My modified Yamaha APX7 guitar

My Yamaha APX7 was bought from Elgin Music in Notting Hill, London W11 about 25 years ago. The sound from the double piezo pick ups was always too bright and thin to my taste so I had a luthier remove the original double piezo’s and replaced them with an LR Baggs i-beam transducer. Unfortunately, it always sounded too ‘quacky’ or mid-range-y to me so I have very recently fitted a magnetic Seymour Duncan Tube pick up to the sound hole which is good but perhaps a little too thin sounding. I run both pick ups at the same time, although matching a passive and an active pick up is not ideal; both have separate volumes dials but the Seymour Duncan needs to be fully up and the active i-beam just up a notch – it’s workable but I’m not happy yet. To compensate I use a Boss EQ stomp box with a ‘smiley face’ setting, (-: that is, low frequencies up, mids down and highs slightly up. That gives me plenty of fullness and presence without the quack, and I use a reverb stomp box and slap back delay to give it some fatness. The guitar only really starts to come alive when there’s plenty of level in the floor monitors with spill into my vocal mic – the bigger the sound the better it feels. The top surface has a psychedelic image of Jimi Hendrix attached as a vinyl layer, it can be peeled off – the vinyl dulls the resonance of the guitar acoustically but when plugged up, it’s fine. The things I really like about this guitar is the firstly the calibration, the fret and neck are perfectly accurate, the action is great, it’s tunes up easily and holds well. Secondly, the neck is small, so switching to an electric guitar is an easy transition for the hand, and finally, the body is narrow so it feels like a comfortable small guitar. One day I’ll buy a Gibson J 100 jumbo but until then, Jimi is my BFF.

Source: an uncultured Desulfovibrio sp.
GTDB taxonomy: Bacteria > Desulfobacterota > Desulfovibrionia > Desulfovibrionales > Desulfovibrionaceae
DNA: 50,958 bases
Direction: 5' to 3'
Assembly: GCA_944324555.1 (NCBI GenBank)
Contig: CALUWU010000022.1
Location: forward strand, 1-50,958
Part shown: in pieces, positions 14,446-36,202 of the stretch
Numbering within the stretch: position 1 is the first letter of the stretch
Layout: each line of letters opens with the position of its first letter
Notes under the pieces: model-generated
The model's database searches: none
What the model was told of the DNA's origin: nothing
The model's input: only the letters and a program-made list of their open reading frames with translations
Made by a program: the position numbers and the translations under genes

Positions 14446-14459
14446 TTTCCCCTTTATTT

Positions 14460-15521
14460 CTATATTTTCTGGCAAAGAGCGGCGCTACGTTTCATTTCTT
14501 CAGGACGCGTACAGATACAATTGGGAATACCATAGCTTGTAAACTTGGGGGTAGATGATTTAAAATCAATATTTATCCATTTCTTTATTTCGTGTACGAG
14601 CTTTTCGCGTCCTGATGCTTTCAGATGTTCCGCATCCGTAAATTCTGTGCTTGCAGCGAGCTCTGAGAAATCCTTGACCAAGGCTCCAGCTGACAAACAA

Bonnie Raitt concert at the Civic

We loved seeing Bonnie Raitt last week, she puts on such a professional show and yet it feels so personal. There’s a real enthusiasm and freshness even though you know she has been playing these songs with this band for decades. She changes guitars nearly every song; various Stratocasters and a jumbo acoustic that looked like a Guild. She explains that some artists change their outfits but she changes her guitars, and goes on to explain each one has a slightly different tuning. What I admired was that the changeovers were done so smoothly. All the guitars are radio frequency with the transmitter pack on the back of the strap, so no unplugging and replugging – no thumps or bumps. Once she has a new guitar over her shoulder, with help from the guitar tech, there’s no fusing with stomp boxes or volume controls on the guitar – she just plays it. Many of her songs are slow, ballads I guess, and even the rocking ones are slow-burners. The guitar solo work from both Bonnie and her guitarist George Marinelli are restrained, they never try to take the roof off. Here’s a review of the concert by Marty Duda